The longer you can afford to wait after age 62 (up to 70), the larger your monthly benefit will be. Nevertheless, delaying benefits doesn’t necessarily mean you’ll come out ahead overall. You also need to weigh in some other factors, including your expected longevity and whether you (or your spouse) plan to file for spousal benefits. You will also need to consider the tax, investment opportunity, and health coverage implications.


The age at which delayed retirement credits cease (for those who have not yet taken their Social Security benefits)

Your Likely Longevity

So much of our strategy on how to maximize Social Security retirement benefits depends on guesses as to how long we’ll live. Of course, any of us could die in an accident or get a dire diagnosis next week, but putting aside these unpredictable possibilities, how long do you think you’ll live? How are your blood pressure, cholesterol, weight, and other health markers? How long have your parents and other relatives lived?

If you foresee an above-average life expectancy for yourself, you may come out ahead by waiting to claim benefits. If not, you may want to claim your benefits as soon as you’re eligible.

To make an educated guess about when to claim, try doing a breakeven analysis. That will tell you when the total benefits you’d receive by waiting will begin to exceed the total you’d receive by taking benefits earlier. If, for example, you’d get $1,500 a month starting at age 62 or $2,000 a month starting at age 66, you will have received roughly the same amount in total benefits by age 77 or so. At that point the higher monthly benefits you’d get as a result of waiting will begin to pay off.

The Social Security website will tell you that regardless of when you start claiming, your lifetime benefits will be similar if you live as long as the average retiree. The problem is that not everyone will have an average life expectancy, hence all the different claiming strategies.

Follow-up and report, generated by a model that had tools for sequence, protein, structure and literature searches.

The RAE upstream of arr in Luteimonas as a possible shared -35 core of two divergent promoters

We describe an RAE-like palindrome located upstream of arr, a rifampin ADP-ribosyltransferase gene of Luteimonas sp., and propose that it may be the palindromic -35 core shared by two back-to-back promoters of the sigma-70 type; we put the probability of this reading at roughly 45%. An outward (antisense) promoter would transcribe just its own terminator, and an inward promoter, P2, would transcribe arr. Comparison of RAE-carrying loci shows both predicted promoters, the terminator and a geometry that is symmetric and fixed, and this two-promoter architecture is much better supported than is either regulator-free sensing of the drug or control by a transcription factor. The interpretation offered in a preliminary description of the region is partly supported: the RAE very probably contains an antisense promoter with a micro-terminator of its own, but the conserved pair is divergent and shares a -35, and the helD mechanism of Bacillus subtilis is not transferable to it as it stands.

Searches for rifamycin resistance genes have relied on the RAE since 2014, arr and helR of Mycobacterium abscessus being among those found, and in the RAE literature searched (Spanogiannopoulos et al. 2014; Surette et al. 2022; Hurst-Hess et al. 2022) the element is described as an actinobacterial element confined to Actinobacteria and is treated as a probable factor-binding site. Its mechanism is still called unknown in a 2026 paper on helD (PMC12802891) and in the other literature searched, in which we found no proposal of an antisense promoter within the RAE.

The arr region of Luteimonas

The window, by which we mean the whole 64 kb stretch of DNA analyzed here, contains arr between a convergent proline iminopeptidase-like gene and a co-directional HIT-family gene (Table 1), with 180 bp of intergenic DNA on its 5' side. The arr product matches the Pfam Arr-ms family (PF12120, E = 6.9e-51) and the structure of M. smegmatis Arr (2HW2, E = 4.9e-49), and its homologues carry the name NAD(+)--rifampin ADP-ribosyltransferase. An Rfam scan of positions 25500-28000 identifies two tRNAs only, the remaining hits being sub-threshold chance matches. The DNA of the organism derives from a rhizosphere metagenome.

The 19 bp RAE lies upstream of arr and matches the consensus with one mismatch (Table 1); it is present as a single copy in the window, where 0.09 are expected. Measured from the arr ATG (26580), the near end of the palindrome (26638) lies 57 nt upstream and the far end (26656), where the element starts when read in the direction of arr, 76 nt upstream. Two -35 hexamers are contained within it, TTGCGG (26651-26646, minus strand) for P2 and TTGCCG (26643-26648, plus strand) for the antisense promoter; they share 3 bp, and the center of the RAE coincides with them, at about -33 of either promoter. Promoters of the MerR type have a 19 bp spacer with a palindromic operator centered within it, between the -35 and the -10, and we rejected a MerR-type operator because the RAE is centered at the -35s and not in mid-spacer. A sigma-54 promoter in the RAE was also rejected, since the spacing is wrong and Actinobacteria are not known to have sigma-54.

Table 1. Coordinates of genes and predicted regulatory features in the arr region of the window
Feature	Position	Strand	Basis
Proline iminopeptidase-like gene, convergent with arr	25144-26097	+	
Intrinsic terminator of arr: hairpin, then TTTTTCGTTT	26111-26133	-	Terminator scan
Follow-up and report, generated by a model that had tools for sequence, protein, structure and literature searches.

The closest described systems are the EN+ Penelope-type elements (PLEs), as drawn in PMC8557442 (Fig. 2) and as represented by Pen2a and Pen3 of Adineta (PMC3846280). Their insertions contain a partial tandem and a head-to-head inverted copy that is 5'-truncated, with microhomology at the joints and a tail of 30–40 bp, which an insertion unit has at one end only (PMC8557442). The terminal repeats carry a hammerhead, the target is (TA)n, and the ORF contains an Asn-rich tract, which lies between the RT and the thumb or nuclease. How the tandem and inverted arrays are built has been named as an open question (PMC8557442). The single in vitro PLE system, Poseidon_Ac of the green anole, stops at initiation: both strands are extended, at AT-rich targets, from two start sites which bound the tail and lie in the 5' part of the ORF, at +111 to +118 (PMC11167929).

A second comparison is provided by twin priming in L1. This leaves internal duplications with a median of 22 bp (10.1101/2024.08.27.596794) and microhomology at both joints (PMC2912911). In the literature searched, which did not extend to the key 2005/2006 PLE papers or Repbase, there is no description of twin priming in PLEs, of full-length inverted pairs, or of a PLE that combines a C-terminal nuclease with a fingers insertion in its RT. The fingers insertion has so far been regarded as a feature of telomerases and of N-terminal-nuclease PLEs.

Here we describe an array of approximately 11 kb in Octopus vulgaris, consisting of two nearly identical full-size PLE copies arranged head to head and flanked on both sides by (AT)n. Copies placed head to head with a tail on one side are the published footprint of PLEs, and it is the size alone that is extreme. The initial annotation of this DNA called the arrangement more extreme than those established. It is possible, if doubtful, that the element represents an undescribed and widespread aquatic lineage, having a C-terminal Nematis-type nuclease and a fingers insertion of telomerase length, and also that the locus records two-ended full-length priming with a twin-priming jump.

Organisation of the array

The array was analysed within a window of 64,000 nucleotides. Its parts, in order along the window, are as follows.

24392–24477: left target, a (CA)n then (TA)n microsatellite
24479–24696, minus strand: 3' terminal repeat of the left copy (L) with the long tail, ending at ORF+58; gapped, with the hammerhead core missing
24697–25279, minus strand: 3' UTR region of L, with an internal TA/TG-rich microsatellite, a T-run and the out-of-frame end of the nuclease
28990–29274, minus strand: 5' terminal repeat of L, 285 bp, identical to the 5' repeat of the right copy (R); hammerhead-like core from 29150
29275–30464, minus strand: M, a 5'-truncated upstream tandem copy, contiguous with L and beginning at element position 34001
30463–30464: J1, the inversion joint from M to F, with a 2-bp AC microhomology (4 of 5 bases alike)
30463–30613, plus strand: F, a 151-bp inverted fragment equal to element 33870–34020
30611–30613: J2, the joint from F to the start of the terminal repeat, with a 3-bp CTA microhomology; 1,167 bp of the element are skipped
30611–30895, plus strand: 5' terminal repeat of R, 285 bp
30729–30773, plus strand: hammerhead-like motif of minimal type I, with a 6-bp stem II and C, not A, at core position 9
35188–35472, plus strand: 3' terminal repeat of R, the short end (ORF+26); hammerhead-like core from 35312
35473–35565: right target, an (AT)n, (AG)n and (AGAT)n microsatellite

Divorced spouses can collect Social Security benefits based on their ex-spouse’s work record under certain conditions.

Claiming Spousal Benefits

Because of the program’s spousal benefits, being married can further complicate the decision of when to take Social Security. Some divorced spouses are also entitled to benefits based on their ex-spouse’s work record.

Spouses who don’t qualify for their own Social Security

Spouses who didn’t work at a paid job or didn’t earn enough credits to qualify for Social Security on their own are eligible to receive benefits starting at age 62 based on their spouse’s record. As with claiming benefits on your own record, your spousal benefit will be reduced if you take it before reaching your FRA. The highest spousal benefit you can receive is half the benefit your spouse is entitled to at their FRA.

While spouses get a lower benefit if they claim before reaching their own FRA, they will not get a larger spousal benefit by waiting to claim after their FRA—say, at age 70. However, a nonworking or lower-earning spouse may get a larger spousal benefit if the working spouse has some late-career, high-earning years that boost their benefits.

When a spouse dies

When one spouse dies, the surviving spouse is entitled to receive the higher of their own benefit or their deceased spouse’s benefit. That’s why financial planners often advise the higher-earning spouse to delay claiming. If the higher-earning spouse dies first, the surviving, lower-earning spouse will receive a larger Social Security check for life.